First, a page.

LouisvilleKY opening LouieLab for collaborative civic innovation


Leading consumer tech media brand also to team up with city on new smart apartment

LOUISVILLE (Aug. 24, 2016) — Mayor Greg Fischer today announced plans for the LouieLab — a civic innovation hub for public-private collaboration, and the new offices for the city’s Office of Performance Improvement and Innovation.

The city-owned space, at 745 Main St., next to the Kentucky Science Center, will also house the CNET Urban Smart Home, CNET’s newest initiative to explore and explain the burgeoning smart home technology space. The apartment promises to showcase and explore the many combinations of smart home products in an urban-living environment.

“Continuous improvement and innovation are bedrocks of Louisville Metro Government, and so is the belief in the problem-solving power of collaboration among citizens, businesses and their government. LouieLab is the physical manifestation of our commitment to these principles,” Mayor Greg Fischer said. “I’m excited and eager to see the fantastic work that will come from this space.”

LouieLab will occupy one floor of the building and feature an open office space for OPI2 team. OPI2  works with city departments, community partners and national organizations to bring continuous improvement and innovation to Louisville Metro Government.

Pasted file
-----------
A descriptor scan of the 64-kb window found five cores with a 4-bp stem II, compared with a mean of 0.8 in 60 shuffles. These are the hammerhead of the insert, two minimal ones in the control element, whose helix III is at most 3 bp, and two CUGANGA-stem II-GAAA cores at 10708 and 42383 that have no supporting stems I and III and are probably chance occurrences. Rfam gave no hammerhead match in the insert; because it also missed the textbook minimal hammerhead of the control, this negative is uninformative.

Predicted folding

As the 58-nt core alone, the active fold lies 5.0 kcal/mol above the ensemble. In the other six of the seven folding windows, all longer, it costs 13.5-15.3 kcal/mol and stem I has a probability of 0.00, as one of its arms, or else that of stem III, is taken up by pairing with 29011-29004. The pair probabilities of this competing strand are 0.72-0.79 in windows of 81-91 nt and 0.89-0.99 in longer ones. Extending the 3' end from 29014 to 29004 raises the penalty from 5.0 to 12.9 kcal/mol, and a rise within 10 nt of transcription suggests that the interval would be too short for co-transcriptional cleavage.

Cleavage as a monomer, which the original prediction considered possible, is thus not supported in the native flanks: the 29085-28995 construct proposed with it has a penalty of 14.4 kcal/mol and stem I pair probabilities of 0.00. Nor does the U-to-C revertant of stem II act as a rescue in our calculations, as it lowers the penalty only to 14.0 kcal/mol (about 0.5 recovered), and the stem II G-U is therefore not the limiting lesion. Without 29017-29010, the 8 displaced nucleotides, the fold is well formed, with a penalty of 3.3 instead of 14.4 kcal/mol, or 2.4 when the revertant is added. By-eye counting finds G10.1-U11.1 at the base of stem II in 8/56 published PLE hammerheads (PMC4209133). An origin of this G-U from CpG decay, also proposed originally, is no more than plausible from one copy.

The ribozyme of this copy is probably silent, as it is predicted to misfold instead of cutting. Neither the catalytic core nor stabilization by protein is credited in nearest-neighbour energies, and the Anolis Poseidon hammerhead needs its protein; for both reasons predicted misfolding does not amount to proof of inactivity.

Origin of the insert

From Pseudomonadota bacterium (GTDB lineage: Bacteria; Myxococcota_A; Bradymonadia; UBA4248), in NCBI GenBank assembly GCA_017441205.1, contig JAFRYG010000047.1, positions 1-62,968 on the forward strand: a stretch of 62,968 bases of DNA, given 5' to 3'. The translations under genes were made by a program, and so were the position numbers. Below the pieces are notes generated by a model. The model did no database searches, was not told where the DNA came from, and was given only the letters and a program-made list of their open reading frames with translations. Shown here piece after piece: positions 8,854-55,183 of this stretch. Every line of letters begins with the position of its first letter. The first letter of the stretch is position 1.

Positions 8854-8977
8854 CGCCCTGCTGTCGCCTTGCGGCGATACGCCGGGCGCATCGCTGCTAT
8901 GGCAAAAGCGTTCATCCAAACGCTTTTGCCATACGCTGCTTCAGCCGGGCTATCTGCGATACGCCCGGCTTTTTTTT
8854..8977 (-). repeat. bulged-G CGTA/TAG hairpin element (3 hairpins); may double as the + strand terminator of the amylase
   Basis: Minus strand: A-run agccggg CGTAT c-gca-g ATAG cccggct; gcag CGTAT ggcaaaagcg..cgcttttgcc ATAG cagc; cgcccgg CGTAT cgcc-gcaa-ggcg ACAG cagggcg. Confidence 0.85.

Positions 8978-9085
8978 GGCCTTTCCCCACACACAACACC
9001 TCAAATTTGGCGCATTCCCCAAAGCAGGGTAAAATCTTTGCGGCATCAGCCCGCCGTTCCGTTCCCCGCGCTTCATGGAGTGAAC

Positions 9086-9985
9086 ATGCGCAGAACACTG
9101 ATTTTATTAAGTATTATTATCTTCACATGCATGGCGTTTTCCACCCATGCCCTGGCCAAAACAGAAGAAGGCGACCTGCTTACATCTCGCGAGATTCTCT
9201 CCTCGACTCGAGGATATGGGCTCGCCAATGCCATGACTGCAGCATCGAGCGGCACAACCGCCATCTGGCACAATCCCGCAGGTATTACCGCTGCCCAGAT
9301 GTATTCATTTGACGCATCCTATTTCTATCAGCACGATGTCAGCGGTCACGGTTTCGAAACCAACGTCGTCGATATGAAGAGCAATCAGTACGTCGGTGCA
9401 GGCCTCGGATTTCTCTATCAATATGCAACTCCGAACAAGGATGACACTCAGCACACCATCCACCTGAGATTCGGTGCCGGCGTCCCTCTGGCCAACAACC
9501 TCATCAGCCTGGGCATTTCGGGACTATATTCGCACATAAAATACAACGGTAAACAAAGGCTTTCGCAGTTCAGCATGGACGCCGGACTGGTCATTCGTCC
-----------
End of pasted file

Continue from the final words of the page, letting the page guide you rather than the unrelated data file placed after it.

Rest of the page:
Two-thirds of that floor will be dedicated to an open space where city employees, civic hackers and other innovators will be able to hold scheduled events and meetings to discuss, collaborate and build solutions to challenges in Louisville. The space will also be used for training city employees on continuous improvement strategies.

“The work of OPI2 has repeatedly been recognized as a national best practice, and the concept of continuous improvement is now embedded in the culture of Louisville Metro Government.  LouieLab is further proof of our city’s commitment to delivering the best possible service to citizens,” said Theresa Reno-Weber, chief of Performance & Technology for the city.

Ted Smith, the city’s chief innovation officer, said: “Louisville is leading the trend of Smart Cities — communities that are embracing technology and data to better the quality of life of their citizens. LouieLab brings those goals to life, giving government and citizen civic hackers a place to build off each other’s ideas to create truly innovative and effective solutions for our city.”

CNET, the world’s largest and most trusted online source of consumer technology and news with already a strong presence in Louisville, will use the fifth floor of the building as a “living lab” equipped with smart home technology. In the CNET Urban Smart Home, CNET editors will test, explain and educate consumers on using smart home technology in an urban apartment.

LouieLab and the CNET Urban Smart Home are expected to launch in September.